The Six Lives of A Token and Why Simplicity Wins Understanding and Change
Just because the SEC continues to pretend there is nothing new with tokens, and tags most of them as securities, doesn’t mean that tokens are doomed and have no future except for being labelled and treated like securities.
To the contrary, the token model is a fundamental innovation of blockchain technology, and it will eventually gain its footing and respect with the regulators who haven’t yet seized the scope of the paradigm shift that tokens encapsulate.
I’ve been thinking about and analyzing the tokens phenomenon long enough to have acquired a significant depth in perspective [here, here, here, here, here and on Tokenomics]. What I’m seeing now is a significant lack of knowledge and understanding on the part of the gatekeepers of change. We could blame them for not trying hard enough, but we can also blame ourselves for not trying to better explain these changes.
Simplicity increases the chances that the general public, regulators and incumbents of all nature comprehend the need for change.
What makes the token difficult to comprehend is that it is a multiple function abstract, and we are not used to seeing something that simultaneous a) has several functional properties, b) represents diversified units of value, and c) is embodied in a digital form that binds it all together. Tokens are a new beast, and if we keep wanting to fit them or classify them within the previous paradigms or lenses we have, we will fail to seize their beckoning.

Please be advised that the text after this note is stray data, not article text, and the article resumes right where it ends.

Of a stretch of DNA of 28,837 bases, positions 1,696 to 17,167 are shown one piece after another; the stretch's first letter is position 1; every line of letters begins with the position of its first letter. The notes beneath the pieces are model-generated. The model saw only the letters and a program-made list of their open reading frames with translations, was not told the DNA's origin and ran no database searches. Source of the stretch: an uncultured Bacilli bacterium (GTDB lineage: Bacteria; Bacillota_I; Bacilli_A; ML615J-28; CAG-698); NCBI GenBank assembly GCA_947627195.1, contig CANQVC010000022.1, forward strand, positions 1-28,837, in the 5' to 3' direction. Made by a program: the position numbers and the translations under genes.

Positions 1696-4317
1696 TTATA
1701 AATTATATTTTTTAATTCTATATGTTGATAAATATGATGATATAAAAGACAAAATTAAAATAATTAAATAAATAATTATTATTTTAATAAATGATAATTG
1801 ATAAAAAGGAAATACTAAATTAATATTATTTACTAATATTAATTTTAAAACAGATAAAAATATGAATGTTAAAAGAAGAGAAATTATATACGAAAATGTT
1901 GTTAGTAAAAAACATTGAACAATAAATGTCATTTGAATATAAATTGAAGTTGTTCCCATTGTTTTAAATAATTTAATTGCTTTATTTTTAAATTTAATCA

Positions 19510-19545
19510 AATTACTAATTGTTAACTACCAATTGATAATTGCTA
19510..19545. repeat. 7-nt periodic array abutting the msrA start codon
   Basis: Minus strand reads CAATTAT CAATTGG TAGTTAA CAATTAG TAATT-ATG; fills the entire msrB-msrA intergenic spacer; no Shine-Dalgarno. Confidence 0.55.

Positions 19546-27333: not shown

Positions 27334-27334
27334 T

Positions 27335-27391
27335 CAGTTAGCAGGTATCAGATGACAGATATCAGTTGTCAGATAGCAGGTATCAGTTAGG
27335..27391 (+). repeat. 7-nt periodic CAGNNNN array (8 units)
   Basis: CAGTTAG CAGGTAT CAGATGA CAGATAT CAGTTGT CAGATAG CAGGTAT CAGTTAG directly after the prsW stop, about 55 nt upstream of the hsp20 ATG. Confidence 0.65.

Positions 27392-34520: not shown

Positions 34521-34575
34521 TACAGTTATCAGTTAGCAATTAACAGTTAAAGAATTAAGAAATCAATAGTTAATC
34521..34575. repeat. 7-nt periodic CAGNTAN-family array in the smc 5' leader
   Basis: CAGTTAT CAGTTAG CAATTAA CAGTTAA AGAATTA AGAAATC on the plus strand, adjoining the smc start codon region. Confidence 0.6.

Simply put, tokens could simultaneously have properties of a:
- Financial Instrument
- Digital Asset
So far, we have used separate artifacts to symbolize each of these functions. Then, came the token that melded them together in a mush, causing our mental ability to also become mush.
For currency, we have had the dollar, yen, euro, pound, and scores of sovereign fiats.
For equity, we have share or stock units, and they are known as securities.
For financial instruments, we have derivatives, bonds, futures, options, swaps, etc. and they are typically administered by brokers, agents, custodians or exchanges.
For rewards, we have mileage points, airline miles, loyalty cards, and the likes.
For rights, we have government-issued identity cards, or share proxies that allow us to have a (voting) voice in the governance affairs of what matters to us.
Finally, we have a blockchain novelty: a singular representation of a digital asset as a uniquely transferable unit of value: the non-fungible token that could represent a caricature-like version of a cat (eg CryptoKitties), a cartoon monster, a tank toy, or a purple sword won at a game, but could also represent a concert ticket, a collectible, or maybe something else not invented yet.